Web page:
The writing throughout is not up to par. There are many examples of poor structure and countless typos, which distract the reader and erode confidence in the author. (The reader cannot make it through the Table of Contents before encountering an error.) There are also a few factual errors in discussions of organized crime history beyond the confines of Kansas City.
Most disturbing for crime historians is the book's tiny and very general bibliography. It isn't possible that Ouseley wrote this book based upon the presented sources alone. His refusal to document his findings makes the original material within the book's covers virtually useless to historians.
Another glaring problem with Open City is the scope of the book. Ouseley, a federal agent who investigated organized crime in the region, certainly had access to abundant information on the KC Mob in more recent years. His decision to focus on the 1900-1950 period is a curious one. Perhaps Ouseley intends this book to be Volume 1 of a continuing history.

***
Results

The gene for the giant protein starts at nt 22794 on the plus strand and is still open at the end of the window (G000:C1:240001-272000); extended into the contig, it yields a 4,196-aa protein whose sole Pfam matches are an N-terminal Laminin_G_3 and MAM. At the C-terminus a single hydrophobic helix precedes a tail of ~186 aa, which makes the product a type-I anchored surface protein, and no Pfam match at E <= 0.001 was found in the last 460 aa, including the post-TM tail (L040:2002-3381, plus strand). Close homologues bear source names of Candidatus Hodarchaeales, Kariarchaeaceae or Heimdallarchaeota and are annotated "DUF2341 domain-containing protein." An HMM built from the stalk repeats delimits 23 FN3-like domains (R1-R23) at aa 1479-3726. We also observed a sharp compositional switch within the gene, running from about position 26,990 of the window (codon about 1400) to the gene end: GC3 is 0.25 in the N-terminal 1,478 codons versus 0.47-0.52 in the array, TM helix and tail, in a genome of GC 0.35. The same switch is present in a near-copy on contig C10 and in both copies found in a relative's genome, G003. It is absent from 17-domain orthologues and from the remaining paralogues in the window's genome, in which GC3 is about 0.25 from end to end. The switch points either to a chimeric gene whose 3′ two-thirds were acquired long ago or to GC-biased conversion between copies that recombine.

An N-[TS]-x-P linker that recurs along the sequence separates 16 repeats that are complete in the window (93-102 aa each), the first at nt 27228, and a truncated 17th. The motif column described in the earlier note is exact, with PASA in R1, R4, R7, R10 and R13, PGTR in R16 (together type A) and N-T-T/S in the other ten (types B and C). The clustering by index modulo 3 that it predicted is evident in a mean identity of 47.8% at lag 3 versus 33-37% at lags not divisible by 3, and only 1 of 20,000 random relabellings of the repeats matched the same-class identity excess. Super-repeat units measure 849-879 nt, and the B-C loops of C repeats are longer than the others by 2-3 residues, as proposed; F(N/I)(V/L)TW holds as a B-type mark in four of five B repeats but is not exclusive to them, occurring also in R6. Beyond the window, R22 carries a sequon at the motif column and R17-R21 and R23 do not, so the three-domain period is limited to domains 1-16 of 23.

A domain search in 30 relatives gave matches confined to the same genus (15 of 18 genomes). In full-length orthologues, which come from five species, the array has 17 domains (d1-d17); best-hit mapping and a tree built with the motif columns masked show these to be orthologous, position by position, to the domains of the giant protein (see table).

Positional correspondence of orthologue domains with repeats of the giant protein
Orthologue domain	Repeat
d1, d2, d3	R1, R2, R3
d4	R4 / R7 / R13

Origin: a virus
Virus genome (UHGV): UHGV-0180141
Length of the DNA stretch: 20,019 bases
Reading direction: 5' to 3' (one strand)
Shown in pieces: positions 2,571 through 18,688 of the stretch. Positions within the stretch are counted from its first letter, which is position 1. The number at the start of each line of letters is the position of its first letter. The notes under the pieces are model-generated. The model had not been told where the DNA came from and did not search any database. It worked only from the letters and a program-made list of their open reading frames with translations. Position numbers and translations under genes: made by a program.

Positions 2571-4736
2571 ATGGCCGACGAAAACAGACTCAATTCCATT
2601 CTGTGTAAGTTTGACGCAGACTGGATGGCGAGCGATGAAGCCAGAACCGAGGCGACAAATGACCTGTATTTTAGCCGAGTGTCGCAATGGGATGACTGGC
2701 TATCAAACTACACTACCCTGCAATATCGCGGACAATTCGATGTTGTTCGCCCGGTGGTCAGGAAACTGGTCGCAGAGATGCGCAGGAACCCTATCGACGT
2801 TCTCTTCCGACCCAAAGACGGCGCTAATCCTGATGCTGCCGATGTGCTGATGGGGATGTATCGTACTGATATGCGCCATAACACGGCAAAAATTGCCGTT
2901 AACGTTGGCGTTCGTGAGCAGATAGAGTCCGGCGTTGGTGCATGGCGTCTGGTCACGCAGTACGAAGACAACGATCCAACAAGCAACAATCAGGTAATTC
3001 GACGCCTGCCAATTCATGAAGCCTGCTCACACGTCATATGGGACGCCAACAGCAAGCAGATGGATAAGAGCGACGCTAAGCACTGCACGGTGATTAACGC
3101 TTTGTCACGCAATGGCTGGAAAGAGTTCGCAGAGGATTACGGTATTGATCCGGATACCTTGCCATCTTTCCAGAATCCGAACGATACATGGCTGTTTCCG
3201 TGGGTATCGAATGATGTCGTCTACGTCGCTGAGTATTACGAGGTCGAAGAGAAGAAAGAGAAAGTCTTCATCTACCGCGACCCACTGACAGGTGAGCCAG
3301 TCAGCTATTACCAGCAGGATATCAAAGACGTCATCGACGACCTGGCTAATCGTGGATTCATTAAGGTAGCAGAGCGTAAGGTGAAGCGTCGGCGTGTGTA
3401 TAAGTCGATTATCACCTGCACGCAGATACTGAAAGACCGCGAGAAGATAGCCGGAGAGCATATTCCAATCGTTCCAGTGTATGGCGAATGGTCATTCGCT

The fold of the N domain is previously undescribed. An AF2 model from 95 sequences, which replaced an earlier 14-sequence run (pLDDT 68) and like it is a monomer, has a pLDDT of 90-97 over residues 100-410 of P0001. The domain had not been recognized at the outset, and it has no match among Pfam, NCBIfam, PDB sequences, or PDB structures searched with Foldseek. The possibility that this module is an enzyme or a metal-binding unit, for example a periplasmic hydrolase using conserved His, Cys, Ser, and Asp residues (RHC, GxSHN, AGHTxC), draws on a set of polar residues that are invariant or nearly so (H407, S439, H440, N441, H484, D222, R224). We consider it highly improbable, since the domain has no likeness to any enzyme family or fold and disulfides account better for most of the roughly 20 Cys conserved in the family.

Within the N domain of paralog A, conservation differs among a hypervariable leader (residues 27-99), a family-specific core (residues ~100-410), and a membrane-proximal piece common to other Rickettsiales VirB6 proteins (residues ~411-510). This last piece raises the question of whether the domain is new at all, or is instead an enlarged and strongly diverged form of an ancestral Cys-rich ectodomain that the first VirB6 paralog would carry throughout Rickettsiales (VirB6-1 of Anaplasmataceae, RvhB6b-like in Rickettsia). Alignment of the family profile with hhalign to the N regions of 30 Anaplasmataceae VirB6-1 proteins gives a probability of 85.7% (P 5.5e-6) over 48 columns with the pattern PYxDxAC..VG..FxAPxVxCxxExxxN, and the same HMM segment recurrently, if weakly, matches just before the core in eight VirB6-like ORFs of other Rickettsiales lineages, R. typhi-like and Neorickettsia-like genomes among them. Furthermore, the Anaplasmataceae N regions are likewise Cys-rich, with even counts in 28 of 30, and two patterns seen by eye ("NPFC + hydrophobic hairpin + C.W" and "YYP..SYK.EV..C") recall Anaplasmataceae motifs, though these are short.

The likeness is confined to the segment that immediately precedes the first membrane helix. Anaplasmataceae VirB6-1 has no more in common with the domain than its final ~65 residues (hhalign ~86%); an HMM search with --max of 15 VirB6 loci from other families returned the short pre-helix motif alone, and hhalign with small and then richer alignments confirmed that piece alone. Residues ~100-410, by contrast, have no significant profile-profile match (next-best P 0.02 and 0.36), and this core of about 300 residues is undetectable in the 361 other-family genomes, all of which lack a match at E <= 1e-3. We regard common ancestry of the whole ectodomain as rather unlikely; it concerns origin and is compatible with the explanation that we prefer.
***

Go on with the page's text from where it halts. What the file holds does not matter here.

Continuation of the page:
Donnie Brasco: Unfinished Business: Shocking Declassified Details from the FBI's Greatest Undercover Operation and a Bloody Timeline of the Fall of the Mafia by Joe Pistone with Richard Woodley (Philadelphia: Running Press, 2007).
Two decades after wowing us with Donnie Brasco-related revelations, former undercover FBI agent Joe Pistone returns to tie up some loose ends.
I must admit I was skeptical that Pistone could find enough loose ends in the Donnie Brasco story to fill another book. However, while there is some repetition, the ex-agent provides enough new information to keep us very interested. And, frankly, the repetitive parts are quite entertaining - Donnie Brasco's thrilling adventures are worth recalling.
The first portion of the book is basically a summary of the Donnie Brasco deep-undercover experience with many of the gaps filled in. Some details apparently had to be kept secret until court cases had been processed. Pistone also takes the opportunity to correct some impressions created by the movie based on his bestseller. He takes issue with some of the sentimental and self-critical Johnny Depp moments in the film.